Kavachi Island

Not by Fire but by Ice




 "Fiery birth of a new Pacific island!"  


Photo by Richard Arculus

Thus read the May 24, 2000 announcement from the Australian Commonwealth Scientific and Industrial Organization (CSIRO). 

CSIRO had sent a team of researchers to the Soloman Islands east of Australia to study a "dormant" underwater volcano.

Instead, their target was very much alive.

The scientists watched in amazement as lava and ash blasted through the surface of the Pacific Ocean and then continued rising more than 200 feet into the sky. Plumes of steam and smoke rose thousands of feet above the ocean's surface.

They were witnessing the birth of the Island Kavachi.

They were also witnessing "global warming" at work.

Volcanic islands such as Kavachi are formed as underwater volcanoes pump vast amounts of red-hot basalt into the seas. The basalt can reach temperatures of up to 2,150 degrees Fahrenheit; ten times the boiling point.

Kavachi confirms observations that submarine volcano chains contibute significantly to heat entering the oceans, said Gary Massoth of the Institute of Geological and Nuclear Sciences in Darwin.

Rising more than 3,000 feet above the ocean floor, Kavachi is just one of thousands of volcanic islands that contribute to ocean warming. Kavachi has formed at least 8 times in the past 60 years, only to recede beneath the water. At times, Kavachi has reached more than 500 feet in length.

Most underwater volcanoes—also called "seamounts"—erupt so far beneath the sea that their steam and gasses never reach the surface. Still, they contribute an incredible amount of heat to the world's oceans.

Submarine volcanoes can be even larger than above-water volcanoes. Hawaii's undersea Loihi volcano, for instance, towers almost 10,000 feet above the ocean floor, which is taller than Mount St. Helens.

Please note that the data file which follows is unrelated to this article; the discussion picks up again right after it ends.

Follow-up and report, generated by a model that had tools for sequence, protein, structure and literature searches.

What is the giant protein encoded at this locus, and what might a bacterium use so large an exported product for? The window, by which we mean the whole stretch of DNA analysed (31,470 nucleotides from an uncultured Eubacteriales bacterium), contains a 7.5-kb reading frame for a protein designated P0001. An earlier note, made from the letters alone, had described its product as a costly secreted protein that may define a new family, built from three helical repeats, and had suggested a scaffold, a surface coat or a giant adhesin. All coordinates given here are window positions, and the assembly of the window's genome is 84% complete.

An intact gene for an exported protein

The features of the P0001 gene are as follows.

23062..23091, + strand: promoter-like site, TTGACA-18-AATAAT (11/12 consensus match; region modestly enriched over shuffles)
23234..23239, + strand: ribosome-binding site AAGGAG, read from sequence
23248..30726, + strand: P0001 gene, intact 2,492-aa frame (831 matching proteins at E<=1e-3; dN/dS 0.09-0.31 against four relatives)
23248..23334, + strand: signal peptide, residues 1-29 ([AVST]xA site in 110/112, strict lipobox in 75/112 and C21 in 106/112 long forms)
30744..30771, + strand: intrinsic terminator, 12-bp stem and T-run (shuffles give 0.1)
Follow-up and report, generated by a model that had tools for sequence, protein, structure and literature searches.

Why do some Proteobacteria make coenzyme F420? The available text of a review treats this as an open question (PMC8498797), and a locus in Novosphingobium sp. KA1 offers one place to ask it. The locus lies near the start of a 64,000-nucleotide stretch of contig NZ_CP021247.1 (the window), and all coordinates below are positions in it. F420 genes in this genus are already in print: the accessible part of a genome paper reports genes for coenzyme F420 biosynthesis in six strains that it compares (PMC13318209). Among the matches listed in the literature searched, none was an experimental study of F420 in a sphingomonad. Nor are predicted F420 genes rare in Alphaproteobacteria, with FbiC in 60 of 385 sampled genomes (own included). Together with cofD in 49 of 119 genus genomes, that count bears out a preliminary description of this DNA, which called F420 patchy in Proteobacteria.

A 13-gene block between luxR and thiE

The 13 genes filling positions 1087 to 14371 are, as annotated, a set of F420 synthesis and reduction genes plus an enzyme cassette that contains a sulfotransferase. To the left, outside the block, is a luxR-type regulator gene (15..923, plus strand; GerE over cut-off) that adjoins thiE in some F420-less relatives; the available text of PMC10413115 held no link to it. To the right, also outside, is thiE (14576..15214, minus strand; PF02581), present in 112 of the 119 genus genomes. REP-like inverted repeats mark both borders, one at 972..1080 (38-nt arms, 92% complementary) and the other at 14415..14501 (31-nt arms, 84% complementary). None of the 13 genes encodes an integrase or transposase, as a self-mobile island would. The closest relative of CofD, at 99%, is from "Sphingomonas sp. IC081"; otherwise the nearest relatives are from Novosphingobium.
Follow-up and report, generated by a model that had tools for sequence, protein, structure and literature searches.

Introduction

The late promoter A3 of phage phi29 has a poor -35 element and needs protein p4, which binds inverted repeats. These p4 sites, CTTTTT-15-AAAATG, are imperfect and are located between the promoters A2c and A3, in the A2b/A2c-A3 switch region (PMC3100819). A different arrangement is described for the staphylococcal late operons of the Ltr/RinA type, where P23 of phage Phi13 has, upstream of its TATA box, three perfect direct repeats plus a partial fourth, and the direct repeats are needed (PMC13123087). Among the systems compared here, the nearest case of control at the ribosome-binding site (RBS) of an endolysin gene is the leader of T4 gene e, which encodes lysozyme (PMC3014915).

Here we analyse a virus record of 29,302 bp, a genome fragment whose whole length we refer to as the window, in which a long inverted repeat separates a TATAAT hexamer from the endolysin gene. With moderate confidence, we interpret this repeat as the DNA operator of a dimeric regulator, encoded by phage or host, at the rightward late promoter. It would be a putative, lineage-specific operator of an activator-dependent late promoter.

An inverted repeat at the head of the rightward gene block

Even then, Loihi's top remains about a half mile below the surface of the ocean. Researchers estimate that Loihi will reach the surface of the ocean and officially become an island in about 100,000 years.

As with other underwater volcanoes, Loihi contributes to ocean warming. During a 1996 eruption of Loihi, researchers recorded the temperature of the surrounding water at almost 400F.

Worldwide, as many as 30,000 islands have been formed by underwater volcanoes, say researchers. The major islands in Hawaii, for example, were built around the active volcanoes at their centers. Hawaii's Big Island was formed by five large volcanoes, including Mauna Loa, the largest active volcano on Earth.

Other islands birthed by undersea volcanic eruptions include the islands of Japan, the West Indies islands in the Caribbean, the Azores in the Atlantic, and hundreds of islands in the Pacific.

Today, most of the world's underwater volcanoes remain unmonitored, leaving us with no inkling of how much they contribute to "global warming."

 I think we owe it to ourselves to find out.

See more photos of Kavachi erupting:

See also It's not global warming, it's ocean warming


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